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Matthew 18 Verse 6

Matthew 18 Verse 6

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Published by glennpease
BY THOMAS ARNOLD, D.D.


Whoso shall of end one oj these little ones tvhicli believe in
me, it were better for him that a millstone tvere hanged
about his neck, and that he were drowned in the depth of
the sea.
BY THOMAS ARNOLD, D.D.


Whoso shall of end one oj these little ones tvhicli believe in
me, it were better for him that a millstone tvere hanged
about his neck, and that he were drowned in the depth of
the sea.

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Published by: glennpease on Sep 19, 2013
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MATTHEW 18 VERSE 6BY THOMAS AROLD, D.D.Whoso shall of end one oj these little ones tvhicli believe inme, it were better for him that a millstone tvere hangedabout his neck, and that he were drowned in the depth of the sea.You see by the strong language wliicli our Lordhere uses, that the sin which he is threatening inthese words is a very great one ; and he goes onto repeat the threat in the verse following : — " Woe unto the world because of offences ; forit must needs be that offences come ; but woeto that man by whom the offence cometh." Someof you, I trust, will know already what thewords mean, and will see directly what I amgoing to turn them to ; — for it is a passagewhich I have often dwelt upon, as it is onewhich, while it is generally useful to all persons,strikes especially at one of the greatest sins of schools. But there are many, I dare say, whodo not know what it means ; and who havenever thought, when they heard this solemnSERMO VIII. 65threat read in the Church, that they were them-selves some of the very persons concerned in it, — that they were daily "' offending," in the Scripturemeaning of the word, some of Christ's little ones.I could not indeed have chosen a text which camehome more directly to your daily practice, thanthe one which I have just read : I could not havenoticed any sin with which your consciences willtell you, the moment that our Lord's words are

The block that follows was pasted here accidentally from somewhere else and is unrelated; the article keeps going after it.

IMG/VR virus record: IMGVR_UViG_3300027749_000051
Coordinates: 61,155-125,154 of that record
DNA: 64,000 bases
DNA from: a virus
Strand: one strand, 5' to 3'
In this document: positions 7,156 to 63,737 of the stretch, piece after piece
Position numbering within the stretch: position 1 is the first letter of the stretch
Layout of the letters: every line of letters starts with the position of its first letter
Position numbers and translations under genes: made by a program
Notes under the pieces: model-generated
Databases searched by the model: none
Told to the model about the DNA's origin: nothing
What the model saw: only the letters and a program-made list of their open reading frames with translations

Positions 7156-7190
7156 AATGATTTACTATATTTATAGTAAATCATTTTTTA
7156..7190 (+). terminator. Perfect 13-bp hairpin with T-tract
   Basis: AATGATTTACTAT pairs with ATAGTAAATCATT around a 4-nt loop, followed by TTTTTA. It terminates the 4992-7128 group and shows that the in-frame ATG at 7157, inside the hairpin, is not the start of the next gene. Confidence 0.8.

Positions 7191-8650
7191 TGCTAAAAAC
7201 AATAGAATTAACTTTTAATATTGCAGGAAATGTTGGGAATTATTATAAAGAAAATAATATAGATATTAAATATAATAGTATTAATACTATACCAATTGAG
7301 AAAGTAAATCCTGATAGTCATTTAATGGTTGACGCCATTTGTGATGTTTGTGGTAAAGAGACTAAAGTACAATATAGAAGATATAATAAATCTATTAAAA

explained to you, that you are more familiar. Iproceed, therefore, to explain them : and will thenapply them, in one or two common instances, toyour life and daily habits. When our Lord speaksof offending one of these little ones who believe inhim, I should first say that the word " offend," incommon speech, has a very different meaning fromthat in which the translators of the Bible have hereused it. You know that our translation was mademore than two hundred years ago ; so that it isnot wonderful that some words in the course of that time have changed their meanings. " Offend,"in the text, and in many other places in the ewTestament, means " to tempt or lead another intosins ; " so that by " offending one of these littleones," our Lord does not mean " vexing them ; "" making them angry," or " ill-using them ; " but" tempting or leading them into evil," or " throw-ing any hindrances in the way of their doing whatthey ought to do." It is this that he calls soVOL. II. F66 SERMO VIII.wicked, that it were better for us to die thismoment than be guilty of it. But now, by " littleones," whom are we to understand ? Jesus had just before taken a little child, and sat him in themidst, and told his disciples, that unless they wereconverted and became as little children, they couldnot enter into the kingdom of heaven. And thenhe says, that " they must not mislead or temptto evil one of these little ones who believe inhim." ow, a very little child cannot believe inChrist, because he cannot understand much abouthim. And we know also, that it must be a sinto tempt any one to evil, whether they be really
 
little children in age or no. But the more likechildren they are, — that is, the more ignorantand simple-minded, and ready to believe and todo what others tell them, — so much the morewicked it is to tell them wrong, or to hinderthem from going right. It applies then to anyone who is young in character, even though heshould happen to be old in years ; but it appliesparticularly to those who are at once young inyears and young in character. It applies there-fore particularly to those boys who are desirousof doing their duty, who have no great confidencein themselves, but are ready to be guided byothers ; who are shy and timid, and unable tostand against laughter or ill-usage. There aresuch in every school ; and it is the worst reproachSERMO VIII. 67of schools, and the most awful responsibility forall who are connected with them, to think, thatso many of them are utterly lost in consequenceof the temptations which they here meet with :they are " offended " in the Scripture sense of the word, that is, they are laughed or frightenedout of their Sa^dour's service, and taught veryoften, ere long, not only to deny their Lordthemselves, but to join in "offending" others,who are now as innocent as they once were, andto draw them over to the worship and serviceof Satan, to which theii* own souls are alreadyabandoned.ow, then, you see what the text means, andyou feel how it applies to you. You know thatthere are amongst you many boys who rememberand wish to keep the lessons that they havereceived at home ; and you know also, how much

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